- With Mayo Clinic nutritionist
Katherine Zeratsky, R.D., L.D.read biographyclose window
Katherine Zeratsky, R.D., L.D.Katherine Zeratsky, R.D., L.D.
As a specialty editor for the nutrition and healthy eating guide, Katherine Zeratsky helps you sort through the facts and figures, the fads and the hype to learn more about nutrition and diet.
A Marinette, Wis., native, Katherine is certified in dietetics by the state of Minnesota and the American Dietetic Association. She has been with Mayo Clinic since 1999.
She is active in nutrition-related curriculum and course development in wellness nutrition at Mayo Clinic in Rochester, Minn., and nutrition education related to weight management and practical applications of nutrition-related lifestyle changes.
Other areas of interest include food and nutrition for all life stages, active lifestyles and the culinary arts.
She graduated from the University of Wisconsin-Madison, served a dietetic internship at the University of Iowa Hospitals and Clinics, and worked as a registered dietitian and health risk counselor at ThedaCare of Appleton, Wis., before joining the Mayo Clinic staff.
Nutrition basics (31)
- Phenylalanine in diet soda: Is it harmful?
- Water softeners: How much sodium do they add?
- Diet soda: Is it bad for you?
- see all in Nutrition basics
Healthy diets (11)
- Canola oil: Does it contain toxins?
- Butter vs. margarine: Which is better for my heart?
- Detox diets: Do they work?
- see all in Healthy diets
Healthy cooking (7)
- When the heat is on, which oil should you use?
- Moldy cheese: Is it OK to eat?
- Food poisoning: How long can you safely keep leftovers?
- see all in Healthy cooking
Healthy menus and shopping strategies (8)
- White whole-wheat bread: Is it nutritious?
- Sodium nitrate in meat: Heart disease risk factor?
- Brominated vegetable oil: Why is BVO in my drink?
- see all in Healthy menus and shopping strategies
Nutritional supplements (18)
- What is wheatgrass — And why is it in my drink?
- Prenatal vitamins: OK for women who aren't pregnant?
- Too much vitamin C: Harmful?
- see all in Nutritional supplements
Vitamin D toxicity: What if you get too much?
What is vitamin D toxicity, and should I worry about it since I take supplements?
from Katherine Zeratsky, R.D., L.D.
Vitamin D toxicity, also called hypervitaminosis D, is a rare but potentially serious condition that occurs when you have excessive amounts of vitamin D in your body.
Vitamin D toxicity is usually caused by megadoses of vitamin D supplements — not by diet or sun exposure. That's because your body regulates the amount of vitamin D produced by sun exposure, and even fortified foods don't contain large amounts of vitamin D.
The main consequence of vitamin D toxicity is a buildup of calcium in your blood (hypercalcemia), which can cause symptoms such as poor appetite, nausea and vomiting. Weakness, frequent urination and kidney problems also may occur. Treatment includes the stopping of excessive vitamin D intake. Your doctor may also prescribe intravenous fluids and medications, such as corticosteroids or bisphosphonates.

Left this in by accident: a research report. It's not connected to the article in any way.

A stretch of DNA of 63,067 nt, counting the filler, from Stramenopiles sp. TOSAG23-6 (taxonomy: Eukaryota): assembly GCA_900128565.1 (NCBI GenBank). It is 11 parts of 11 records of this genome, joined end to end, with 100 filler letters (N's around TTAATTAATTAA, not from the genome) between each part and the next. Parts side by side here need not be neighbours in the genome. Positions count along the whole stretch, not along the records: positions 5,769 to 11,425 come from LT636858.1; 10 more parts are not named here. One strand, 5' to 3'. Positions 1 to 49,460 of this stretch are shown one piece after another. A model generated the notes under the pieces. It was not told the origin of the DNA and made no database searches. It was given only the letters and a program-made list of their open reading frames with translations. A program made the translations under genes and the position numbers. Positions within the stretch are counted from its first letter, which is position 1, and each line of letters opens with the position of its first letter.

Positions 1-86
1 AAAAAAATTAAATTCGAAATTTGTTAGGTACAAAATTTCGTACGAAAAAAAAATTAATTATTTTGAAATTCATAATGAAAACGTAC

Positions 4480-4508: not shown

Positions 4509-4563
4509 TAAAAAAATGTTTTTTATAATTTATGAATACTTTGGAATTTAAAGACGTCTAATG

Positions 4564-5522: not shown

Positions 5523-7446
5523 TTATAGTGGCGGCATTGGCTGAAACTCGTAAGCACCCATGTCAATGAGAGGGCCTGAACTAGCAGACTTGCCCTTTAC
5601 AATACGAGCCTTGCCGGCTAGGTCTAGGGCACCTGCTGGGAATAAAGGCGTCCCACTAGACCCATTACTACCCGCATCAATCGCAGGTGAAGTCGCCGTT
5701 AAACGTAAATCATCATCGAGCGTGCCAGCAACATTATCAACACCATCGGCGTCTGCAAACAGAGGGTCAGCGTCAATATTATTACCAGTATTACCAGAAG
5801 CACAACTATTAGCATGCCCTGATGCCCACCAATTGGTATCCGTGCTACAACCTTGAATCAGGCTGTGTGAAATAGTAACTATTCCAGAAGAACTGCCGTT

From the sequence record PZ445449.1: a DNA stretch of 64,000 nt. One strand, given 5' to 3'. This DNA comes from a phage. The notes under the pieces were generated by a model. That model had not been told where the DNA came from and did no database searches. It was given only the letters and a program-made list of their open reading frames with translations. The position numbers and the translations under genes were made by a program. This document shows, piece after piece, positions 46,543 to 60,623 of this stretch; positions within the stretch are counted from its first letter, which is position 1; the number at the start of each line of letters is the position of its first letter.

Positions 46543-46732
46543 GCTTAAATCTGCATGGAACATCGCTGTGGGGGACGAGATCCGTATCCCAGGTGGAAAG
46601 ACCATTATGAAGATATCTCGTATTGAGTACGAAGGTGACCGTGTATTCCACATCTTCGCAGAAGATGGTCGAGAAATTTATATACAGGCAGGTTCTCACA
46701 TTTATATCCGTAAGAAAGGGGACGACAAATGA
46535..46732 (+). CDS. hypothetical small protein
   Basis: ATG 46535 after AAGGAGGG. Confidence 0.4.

Taking 50,000 international units (IU) a day of vitamin D for several months has been shown to cause toxicity. This level is many times higher than the recommended dietary allowance (RDA) for most adults of 600 IU of vitamin D a day. Doses higher than the RDA are sometimes used to treat medical problems such as vitamin D deficiency, but these are given only under the care of a doctor and only for a short time.
Although vitamin D toxicity is uncommon even among people who take supplements, you may be at greater risk if you have health problems, such as liver or kidney conditions, or if you take thiazide-type diuretics. As always, talk to your doctor before taking vitamin and mineral supplements.Next question
Do the benefits of vitamin C include improved mood?
- Vitamin D. The Merck Manuals: The Merck Manual for Healthcare Professionals. http://www.merck.com/mmpe/sec01/ch004/ch004k.html. Accessed Dec. 23, 2011.
- Dietary Reference Intakes for calcium and vitamin D. Institute of Medicine. http://www.iom.edu/vitamind. Accessed Dec. 23, 2011.
- Dietary Guidelines for Americans, 2010. U.S. Department of Health and Human Services. http://www.cnpp.usda.gov/DGAs2010-PolicyDocument.htm. Accessed Dec. 23, 2011.
- Hathcock JN, et al. Risk assessment for vitamin D. American Journal of Clinical Nutrition. 2007;85:6.
- Lee JH, et al. Vitamin D deficiency: An important, common, and easily treatable cardiovascular risk factor? Journal of the American College of Cardiology. 2008;52:1949.
- Lowe H, et al. Vitamin D toxicity due to a commonly available 'over the counter' remedy from the Dominican Republic. Journal of Clinical Endocrinology and Metabolism. 2011;96:291.